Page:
Kakuni is a recipe that originated in Japan’s south, and is related to red-braised Chinese pork dishes such as dong-po pork. The Japanese version is lightly seasoned but sweet and gelatinous, and its rich flavours benefit from being offset with the sharpness of mustard, sliced leeks or chilli threads.
- 2 kg pork belly, skin and bone removed
- 2 litres (8 cups) “rice wash” (see note)
- 2 x 5 cm large pieces of ginger, bruised
- 2 brown onions, peeled
- 1 tsp salt
- 10 eggs
- 1 tbsp Japanese mustard (karashi)
- 1 Japanese leek, or 2-3 spring onions (scallions), or handful of Korean dried chilli threads
- 1 litre (4 cups) dashi
- 200 ml sake
- 100 ml mirin
- 150 ml dark soy sauce (koikuchi shoyu)
- ¼ cup black sugar
- 55 g (¼ cup) white sugar
Spinach in cabbage
- 4 large leaves Chinese cabbage (hakusai or wombok)
- 1 bunch spinach
Oven temperatures are for conventional; if using fan-forced (convection), reduce the temperature by 20˚C. | We use Australian tablespoons and cups: 1 teaspoon equals 5 ml; 1 tablespoon equals 20 ml; 1 cup equals 250 ml. | All herbs are fresh (unless specified) and cups are lightly packed. | All vegetables are medium size and peeled, unless specified. | All eggs are 55-60 g, unless specified.
Chilling time overnight
You will need to begin this recipe 1 day ahead.
Cut the pork belly into large 5 cm pieces. Cook, in batches, in a large frying pan until well browned on all sides.
Place the browned pork pieces into a large saucepan. Cover with the rice wash and add the ginger, brown onions and salt. Bring to a boil, cover with a drop lid or cartouche, and simmer for 3-4 hours or until very tender. Remove the meat from the liquid, cover it and refrigerate overnight.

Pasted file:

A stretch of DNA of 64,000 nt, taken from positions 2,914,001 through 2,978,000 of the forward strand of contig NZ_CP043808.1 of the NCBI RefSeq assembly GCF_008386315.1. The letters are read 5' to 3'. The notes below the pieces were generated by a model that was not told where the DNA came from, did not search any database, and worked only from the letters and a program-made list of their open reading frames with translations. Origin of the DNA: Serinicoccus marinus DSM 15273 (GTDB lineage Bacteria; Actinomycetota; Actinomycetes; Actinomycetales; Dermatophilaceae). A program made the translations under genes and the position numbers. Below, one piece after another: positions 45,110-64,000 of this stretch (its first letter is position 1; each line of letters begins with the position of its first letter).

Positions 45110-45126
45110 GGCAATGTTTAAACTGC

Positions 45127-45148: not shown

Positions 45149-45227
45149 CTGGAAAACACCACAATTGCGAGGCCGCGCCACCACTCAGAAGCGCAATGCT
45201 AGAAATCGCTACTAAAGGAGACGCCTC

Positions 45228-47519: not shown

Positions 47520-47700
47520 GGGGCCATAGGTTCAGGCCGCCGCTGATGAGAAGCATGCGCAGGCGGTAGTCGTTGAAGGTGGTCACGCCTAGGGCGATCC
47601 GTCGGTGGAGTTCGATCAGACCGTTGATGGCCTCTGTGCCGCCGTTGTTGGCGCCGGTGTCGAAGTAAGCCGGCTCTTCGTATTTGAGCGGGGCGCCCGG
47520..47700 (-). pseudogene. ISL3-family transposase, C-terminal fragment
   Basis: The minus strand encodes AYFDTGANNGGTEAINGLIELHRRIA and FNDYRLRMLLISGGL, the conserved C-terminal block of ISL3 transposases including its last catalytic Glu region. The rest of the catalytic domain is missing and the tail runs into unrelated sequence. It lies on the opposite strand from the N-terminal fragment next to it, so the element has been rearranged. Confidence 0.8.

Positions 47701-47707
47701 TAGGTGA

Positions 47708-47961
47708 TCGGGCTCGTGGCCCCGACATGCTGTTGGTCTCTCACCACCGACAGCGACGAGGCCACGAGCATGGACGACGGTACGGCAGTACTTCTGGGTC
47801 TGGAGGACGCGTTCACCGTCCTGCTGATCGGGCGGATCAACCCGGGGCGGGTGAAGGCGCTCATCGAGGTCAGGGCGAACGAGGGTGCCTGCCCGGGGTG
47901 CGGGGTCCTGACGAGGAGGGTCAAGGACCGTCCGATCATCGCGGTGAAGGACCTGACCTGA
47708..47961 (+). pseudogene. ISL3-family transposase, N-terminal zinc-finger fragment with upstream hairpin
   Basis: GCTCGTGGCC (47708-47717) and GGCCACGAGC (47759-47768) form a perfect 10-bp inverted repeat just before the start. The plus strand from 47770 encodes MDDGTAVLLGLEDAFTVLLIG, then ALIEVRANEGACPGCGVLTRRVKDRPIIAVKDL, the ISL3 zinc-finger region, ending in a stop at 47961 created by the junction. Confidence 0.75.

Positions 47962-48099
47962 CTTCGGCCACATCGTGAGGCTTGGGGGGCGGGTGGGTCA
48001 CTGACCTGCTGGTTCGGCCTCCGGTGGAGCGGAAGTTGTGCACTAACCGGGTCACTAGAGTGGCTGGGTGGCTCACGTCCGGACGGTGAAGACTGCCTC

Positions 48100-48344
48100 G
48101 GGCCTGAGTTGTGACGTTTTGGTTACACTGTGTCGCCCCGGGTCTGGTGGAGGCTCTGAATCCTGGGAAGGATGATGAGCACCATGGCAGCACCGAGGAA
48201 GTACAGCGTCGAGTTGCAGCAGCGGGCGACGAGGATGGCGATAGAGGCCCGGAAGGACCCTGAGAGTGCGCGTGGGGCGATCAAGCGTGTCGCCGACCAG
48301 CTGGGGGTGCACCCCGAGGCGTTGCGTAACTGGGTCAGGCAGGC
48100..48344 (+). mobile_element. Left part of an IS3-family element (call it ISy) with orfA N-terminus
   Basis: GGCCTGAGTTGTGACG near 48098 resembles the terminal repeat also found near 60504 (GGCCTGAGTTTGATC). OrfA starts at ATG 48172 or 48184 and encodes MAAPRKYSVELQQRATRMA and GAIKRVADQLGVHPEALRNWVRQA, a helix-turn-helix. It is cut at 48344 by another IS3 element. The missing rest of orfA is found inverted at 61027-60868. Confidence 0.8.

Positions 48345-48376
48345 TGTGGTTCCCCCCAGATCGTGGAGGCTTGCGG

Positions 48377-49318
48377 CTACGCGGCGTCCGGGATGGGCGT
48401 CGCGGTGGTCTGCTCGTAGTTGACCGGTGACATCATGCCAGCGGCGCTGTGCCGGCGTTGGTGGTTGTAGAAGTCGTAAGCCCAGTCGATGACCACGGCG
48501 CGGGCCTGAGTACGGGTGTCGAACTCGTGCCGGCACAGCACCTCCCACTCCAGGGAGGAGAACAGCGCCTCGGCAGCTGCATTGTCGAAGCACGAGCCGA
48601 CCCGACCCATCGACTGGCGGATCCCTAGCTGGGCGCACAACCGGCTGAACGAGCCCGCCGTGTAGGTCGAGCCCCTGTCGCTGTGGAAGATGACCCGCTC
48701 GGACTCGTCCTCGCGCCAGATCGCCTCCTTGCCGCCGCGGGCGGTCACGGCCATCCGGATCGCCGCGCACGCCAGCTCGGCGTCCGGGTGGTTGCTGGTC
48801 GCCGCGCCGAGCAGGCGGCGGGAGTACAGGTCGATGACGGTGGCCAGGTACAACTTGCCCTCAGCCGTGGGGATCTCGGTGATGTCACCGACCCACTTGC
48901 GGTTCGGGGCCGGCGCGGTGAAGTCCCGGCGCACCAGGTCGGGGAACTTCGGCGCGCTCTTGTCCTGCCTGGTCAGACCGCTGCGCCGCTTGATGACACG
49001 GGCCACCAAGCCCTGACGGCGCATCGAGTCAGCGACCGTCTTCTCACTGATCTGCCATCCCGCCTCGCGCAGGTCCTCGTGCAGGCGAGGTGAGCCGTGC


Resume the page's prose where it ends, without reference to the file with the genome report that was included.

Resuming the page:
Combine the ingredients for the braising stock in a large saucepan, and add the cold pork. Bring to a simmer, cover with a drop lid or cartouche, and simmer over low heat for 1 hour.
In a separate saucepan, boil the eggs in plenty of water for 6 minutes. Transfer immediately to iced water, then peel. When the pork has finished simmering, remove it from the heat, add the eggs and allow to cool.
To make the spinach in cabbage, boil the cabbage leaves in salted water until tender and then refresh in iced water. Squeeze out the excess water and place 2 leaves top-to-tail on a bamboo mat. Blanch the spinach in boiling water, and place in the centre of the cabbage. Roll tightly and squeeze out any excess water. Cut into 2.5 cm lengths, and stand on their ends (like rolled sushi).
To prepare the leek or spring onions, slice into 2.5cm batons, and slice again lengthways to the centre of each baton. Unroll the leek or spring onion into rectangles, and julienne. Place in ice-cold water for 10 minutes or until the pieces curl. Alternatively, serve with Korean dried chilli threads.
Serve the pork with eggs, spinach in cabbage and a smear of Japanese mustard.
• Rice wash is the starchy, cloudy water left over after washing rice. Rather than throwing it out, it can be used for many things. To prepare, in a large bowl, cover rice with water and agitate it with your hand. Discard the first washing. Repeat the process but reserve each additional lot of wash water, until the agitated water remains clear. If you aren’t intending to make rice, you can just use water and add 1 tbsp raw rice to the first simmering of the pork.